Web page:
IT'S THE ECONOMY, SILLY!
John McDonnell is organising an annual State of the Economy conference as part of his 'New Economics' discussion tour.
An excellent idea! The revelation by Oxfam that just 67 billionaires own the equivalent wealth as the poorest half of the planet shows just where corporate capitalism is taking us!
So getting the economics right must surely be at the heart of Corbyn’s Labour. Everything else flows from this.
With perfect timing, an excellent article in the journal Renewal, “Bring back the Institute of Workers’ Control”, revisits a pivotal period in Labour’s recent history during which this issue of economic strategy was first worked through.
During the 1970s and 80s, Labour and leading trade unions produced the famous “Alternative Economic Strategy" (AES).
The article, by Joe Guinan, opens by referring to the existential threat now posed to the planet by capitalism. He proposes democratic control over the economy as the only way it can be managed to meet people’s needs, without destroying the environment.
The heart of his article covers key events in Labour’s near history such as the occupation during 1971 of Upper Clyde Shipbuilders. This followed the Tory's withdrawal of financial support which would have led to its closure. That capitalist control of industry could be challenged in an urgent and practical way was given a material - and international - boost. (By the way, under occupation and workers’ control, productivity rose substantially!)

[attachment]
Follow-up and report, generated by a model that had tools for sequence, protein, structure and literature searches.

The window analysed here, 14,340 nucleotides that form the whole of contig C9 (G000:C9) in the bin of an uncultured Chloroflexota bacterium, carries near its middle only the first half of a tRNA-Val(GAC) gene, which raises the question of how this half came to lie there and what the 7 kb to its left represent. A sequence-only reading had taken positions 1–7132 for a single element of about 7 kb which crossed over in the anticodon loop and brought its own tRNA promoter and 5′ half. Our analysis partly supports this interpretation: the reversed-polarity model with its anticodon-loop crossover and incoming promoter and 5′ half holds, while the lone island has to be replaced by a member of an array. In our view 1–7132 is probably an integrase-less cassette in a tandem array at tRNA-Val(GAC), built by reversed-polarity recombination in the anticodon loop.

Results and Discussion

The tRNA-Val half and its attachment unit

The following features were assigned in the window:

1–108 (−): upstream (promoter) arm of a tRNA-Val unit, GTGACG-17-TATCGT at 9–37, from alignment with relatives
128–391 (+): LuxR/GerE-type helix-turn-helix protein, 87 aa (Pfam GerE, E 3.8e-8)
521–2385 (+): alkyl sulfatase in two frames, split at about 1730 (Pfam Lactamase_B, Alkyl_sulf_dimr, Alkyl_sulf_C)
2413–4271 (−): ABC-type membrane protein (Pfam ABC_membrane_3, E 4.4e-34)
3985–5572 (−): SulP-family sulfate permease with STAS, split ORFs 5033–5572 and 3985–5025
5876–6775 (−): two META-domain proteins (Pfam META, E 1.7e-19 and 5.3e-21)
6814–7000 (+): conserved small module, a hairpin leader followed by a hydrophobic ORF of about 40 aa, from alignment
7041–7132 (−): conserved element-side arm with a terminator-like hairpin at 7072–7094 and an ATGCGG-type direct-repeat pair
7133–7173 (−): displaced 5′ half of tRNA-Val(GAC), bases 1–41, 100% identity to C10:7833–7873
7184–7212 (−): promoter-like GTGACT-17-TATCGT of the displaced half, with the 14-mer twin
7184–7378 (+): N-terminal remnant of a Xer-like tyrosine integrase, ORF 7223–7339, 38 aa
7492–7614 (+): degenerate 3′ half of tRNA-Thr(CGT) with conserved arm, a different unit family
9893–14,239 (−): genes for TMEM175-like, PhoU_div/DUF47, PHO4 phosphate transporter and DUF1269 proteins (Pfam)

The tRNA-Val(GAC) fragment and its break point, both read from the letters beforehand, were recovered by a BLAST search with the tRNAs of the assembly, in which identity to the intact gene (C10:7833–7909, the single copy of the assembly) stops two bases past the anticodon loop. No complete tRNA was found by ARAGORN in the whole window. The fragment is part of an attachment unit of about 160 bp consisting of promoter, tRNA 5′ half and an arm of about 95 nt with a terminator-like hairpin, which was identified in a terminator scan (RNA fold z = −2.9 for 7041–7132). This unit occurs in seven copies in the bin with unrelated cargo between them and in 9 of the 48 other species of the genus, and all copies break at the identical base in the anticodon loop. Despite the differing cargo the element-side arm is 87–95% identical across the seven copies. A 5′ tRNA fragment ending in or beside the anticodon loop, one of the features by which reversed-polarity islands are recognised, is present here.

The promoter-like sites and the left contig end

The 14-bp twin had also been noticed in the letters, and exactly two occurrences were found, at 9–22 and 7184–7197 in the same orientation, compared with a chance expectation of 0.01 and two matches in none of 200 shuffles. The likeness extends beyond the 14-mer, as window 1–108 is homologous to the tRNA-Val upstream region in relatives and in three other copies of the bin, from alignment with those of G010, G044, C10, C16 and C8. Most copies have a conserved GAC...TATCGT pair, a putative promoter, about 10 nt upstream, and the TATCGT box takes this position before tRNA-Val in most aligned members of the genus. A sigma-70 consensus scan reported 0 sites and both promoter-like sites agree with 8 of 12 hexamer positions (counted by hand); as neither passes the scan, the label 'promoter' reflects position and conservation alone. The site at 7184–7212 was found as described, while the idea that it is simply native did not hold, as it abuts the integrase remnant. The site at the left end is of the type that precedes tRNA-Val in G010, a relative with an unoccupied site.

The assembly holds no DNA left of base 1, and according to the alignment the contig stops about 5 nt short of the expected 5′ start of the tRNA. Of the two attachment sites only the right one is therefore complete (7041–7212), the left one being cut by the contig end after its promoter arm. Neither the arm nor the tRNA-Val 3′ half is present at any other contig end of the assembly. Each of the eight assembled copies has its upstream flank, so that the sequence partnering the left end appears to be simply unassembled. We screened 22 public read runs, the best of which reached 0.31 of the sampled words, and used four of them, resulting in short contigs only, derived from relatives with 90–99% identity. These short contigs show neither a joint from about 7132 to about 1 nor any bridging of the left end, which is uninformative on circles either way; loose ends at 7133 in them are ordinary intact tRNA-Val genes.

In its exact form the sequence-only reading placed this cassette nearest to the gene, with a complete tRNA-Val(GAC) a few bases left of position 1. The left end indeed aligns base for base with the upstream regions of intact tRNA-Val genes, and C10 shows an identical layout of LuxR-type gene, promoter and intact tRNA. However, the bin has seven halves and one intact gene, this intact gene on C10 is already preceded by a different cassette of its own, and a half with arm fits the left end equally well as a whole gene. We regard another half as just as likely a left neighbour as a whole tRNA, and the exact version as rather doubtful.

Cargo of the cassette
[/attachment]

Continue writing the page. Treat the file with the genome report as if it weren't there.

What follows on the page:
These events (and others he talks about) shaped the economic debate. A key organisations was the Institute of Workers Control. The IWC, supported by Tony Benn and many others, helped crystallise the alternatives, "to both moribund social democracy and emerging neo-liberalism".
Discussion by unions and workers produced workable strategies for deploying the skills, knowledge and experience of workers - but in a socially positive way. This has some immediacy. Workers employed by the Trident “deterrent” are rightly concerned about their jobs.
As early as 1978, a “Worker’s Enquiry into the Motor Industry”, led to proposals that included green and sustainable alternatives to internal combustion-driven cars - an early anticipation of hybrid alternatives, of electric cars and alternative forms of mass transit.
Organised Labour has produced demonstrable alternatives to capitalist management of industry. These alternatives not only can save jobs, but also create additional socially useful work. Here lies the answer to the legitimate concerns of Trident workers!
The "Alternative Economic Strategy" was ultimately defeated under the twin attacks from Thatcher on the one side, and her Labour acolytes, led by the likes of Kinnock and Blair, on the other.
TUSC looks forward to participating in McDonnell’s “New Economics”. It offers the opportunity to build a socialist strategy we can rely on - and one that will capture the imagination and commitment of all workers.
The Renewal article is a Must Read. It starts out in a somewhat academic style, but don’t be discouraged! After a few paragraphs, the real story begins. If you want to skip the academic intro - start reading from the section headed, “A Road Not Taken”.